I've posted a lot on another thread about what happened to my dad when he was admitted to a general ward for the elderly before Christmas. It was a nightmare, as they just didn't have the staff or training to care for someone with dementia.

    My mum got daily reports from the other elderly patients every day when she went to visit. They told her my dad was just left standing in a corner in his night clothes for hours.

    They didn't feed him and he can't feed himself, so he lost 5 kilos.

    They didn't write notes in his file after various assessments and treatments.

    He claimed one of the nurses had abused him.

    He was allowed to wander around the hospital unsupervised and in doing so managed to lose his glasses.

    They gave him an important letter to give to his GP - something he was mentally incapable of doing.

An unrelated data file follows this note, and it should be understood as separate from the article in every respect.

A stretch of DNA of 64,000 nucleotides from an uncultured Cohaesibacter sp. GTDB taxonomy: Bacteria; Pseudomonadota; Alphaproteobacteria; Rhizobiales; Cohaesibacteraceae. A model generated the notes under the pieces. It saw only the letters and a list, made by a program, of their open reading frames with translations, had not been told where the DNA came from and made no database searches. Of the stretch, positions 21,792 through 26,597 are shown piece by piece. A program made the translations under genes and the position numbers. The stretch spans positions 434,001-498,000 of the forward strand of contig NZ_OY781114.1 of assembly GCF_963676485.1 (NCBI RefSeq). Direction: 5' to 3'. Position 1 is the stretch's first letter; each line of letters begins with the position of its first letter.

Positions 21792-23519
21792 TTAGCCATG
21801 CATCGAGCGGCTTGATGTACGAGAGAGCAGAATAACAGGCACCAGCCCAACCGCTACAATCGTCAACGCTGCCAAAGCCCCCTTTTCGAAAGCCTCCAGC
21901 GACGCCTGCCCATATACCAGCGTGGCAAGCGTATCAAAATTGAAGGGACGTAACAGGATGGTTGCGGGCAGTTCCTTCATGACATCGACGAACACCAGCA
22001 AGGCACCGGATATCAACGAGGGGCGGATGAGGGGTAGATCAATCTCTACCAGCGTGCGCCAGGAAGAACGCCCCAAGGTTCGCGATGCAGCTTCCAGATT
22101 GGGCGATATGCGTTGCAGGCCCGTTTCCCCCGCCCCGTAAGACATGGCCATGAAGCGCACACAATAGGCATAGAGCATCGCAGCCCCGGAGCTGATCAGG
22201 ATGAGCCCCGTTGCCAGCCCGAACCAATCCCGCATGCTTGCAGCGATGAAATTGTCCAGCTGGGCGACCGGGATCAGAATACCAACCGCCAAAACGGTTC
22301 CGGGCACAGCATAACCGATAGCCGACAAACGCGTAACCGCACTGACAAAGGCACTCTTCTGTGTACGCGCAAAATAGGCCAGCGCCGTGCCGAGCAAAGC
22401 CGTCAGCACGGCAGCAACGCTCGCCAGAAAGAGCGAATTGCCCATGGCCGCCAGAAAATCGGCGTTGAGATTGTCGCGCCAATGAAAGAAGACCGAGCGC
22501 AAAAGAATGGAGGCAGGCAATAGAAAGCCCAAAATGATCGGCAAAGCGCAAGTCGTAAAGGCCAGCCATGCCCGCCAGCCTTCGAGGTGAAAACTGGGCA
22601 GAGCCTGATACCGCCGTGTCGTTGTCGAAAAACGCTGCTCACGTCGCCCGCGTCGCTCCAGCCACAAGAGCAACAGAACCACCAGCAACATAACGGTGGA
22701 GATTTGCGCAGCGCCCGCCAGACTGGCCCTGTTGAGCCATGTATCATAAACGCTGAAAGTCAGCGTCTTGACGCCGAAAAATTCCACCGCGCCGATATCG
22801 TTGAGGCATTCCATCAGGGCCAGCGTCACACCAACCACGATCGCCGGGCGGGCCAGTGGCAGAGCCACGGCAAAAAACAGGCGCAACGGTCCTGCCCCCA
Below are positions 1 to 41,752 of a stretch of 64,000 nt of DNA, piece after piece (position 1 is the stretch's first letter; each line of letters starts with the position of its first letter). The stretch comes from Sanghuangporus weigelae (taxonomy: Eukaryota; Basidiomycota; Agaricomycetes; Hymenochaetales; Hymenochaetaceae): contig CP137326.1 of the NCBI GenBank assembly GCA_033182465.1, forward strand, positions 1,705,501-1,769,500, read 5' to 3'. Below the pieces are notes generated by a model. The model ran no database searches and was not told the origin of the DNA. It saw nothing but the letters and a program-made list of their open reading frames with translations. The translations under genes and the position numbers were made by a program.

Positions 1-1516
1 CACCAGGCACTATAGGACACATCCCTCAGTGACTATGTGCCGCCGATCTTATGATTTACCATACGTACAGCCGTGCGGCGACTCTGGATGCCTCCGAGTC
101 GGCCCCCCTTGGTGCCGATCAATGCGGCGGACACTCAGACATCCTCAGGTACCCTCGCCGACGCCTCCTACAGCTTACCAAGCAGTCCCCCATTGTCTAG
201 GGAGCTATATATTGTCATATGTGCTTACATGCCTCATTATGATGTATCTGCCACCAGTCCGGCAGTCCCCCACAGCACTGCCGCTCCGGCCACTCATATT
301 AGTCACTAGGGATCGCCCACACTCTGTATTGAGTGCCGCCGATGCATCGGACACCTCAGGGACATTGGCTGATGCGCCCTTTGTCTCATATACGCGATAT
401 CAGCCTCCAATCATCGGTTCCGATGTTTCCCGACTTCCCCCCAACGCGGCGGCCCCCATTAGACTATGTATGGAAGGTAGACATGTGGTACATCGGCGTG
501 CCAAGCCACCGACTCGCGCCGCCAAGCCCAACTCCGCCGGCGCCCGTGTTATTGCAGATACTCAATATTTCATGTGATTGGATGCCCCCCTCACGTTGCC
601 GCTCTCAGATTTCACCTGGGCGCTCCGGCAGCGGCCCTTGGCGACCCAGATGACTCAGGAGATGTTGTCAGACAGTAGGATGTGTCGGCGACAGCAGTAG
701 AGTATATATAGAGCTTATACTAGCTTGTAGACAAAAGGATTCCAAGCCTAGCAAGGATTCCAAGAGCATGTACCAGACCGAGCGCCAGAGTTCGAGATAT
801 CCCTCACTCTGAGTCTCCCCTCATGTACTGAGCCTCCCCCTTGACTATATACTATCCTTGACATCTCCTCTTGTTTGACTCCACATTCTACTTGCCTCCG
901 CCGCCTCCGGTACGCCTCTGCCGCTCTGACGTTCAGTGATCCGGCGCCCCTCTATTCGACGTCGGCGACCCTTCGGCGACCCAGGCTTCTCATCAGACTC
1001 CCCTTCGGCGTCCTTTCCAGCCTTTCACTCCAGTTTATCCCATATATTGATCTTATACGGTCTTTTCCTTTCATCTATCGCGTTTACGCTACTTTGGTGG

They left the cannula in the back of his hand when they sent him home.

    And those are just the incidents we know about. Hopefully, your hospital experience won't be as terrible as ours was.

    LS
     
  17. Long-Suffering

    Long-Suffering Registered User

    Jul 6, 2015
    426
    Forgot to add that they repeatedly told him that he would be going home the next day, but then they didn't send him home. This happened several days running and they admitted to me that it was true, but couldn't explain why it had happened.

    I also overheard them laughing about my parents when I was talking to one of the nurses on the phone. I could hear the other nurses laughing in the background. Basically, they just treated my parents like two funny, crazy old people with no respect whatsoever.

    LS
     
  18. mrf94

    mrf94 Registered User

    Dec 17, 2014
    20
    huddersfield
    #18 mrf94, Jul 16, 2015
    Last edited: Jul 16, 2015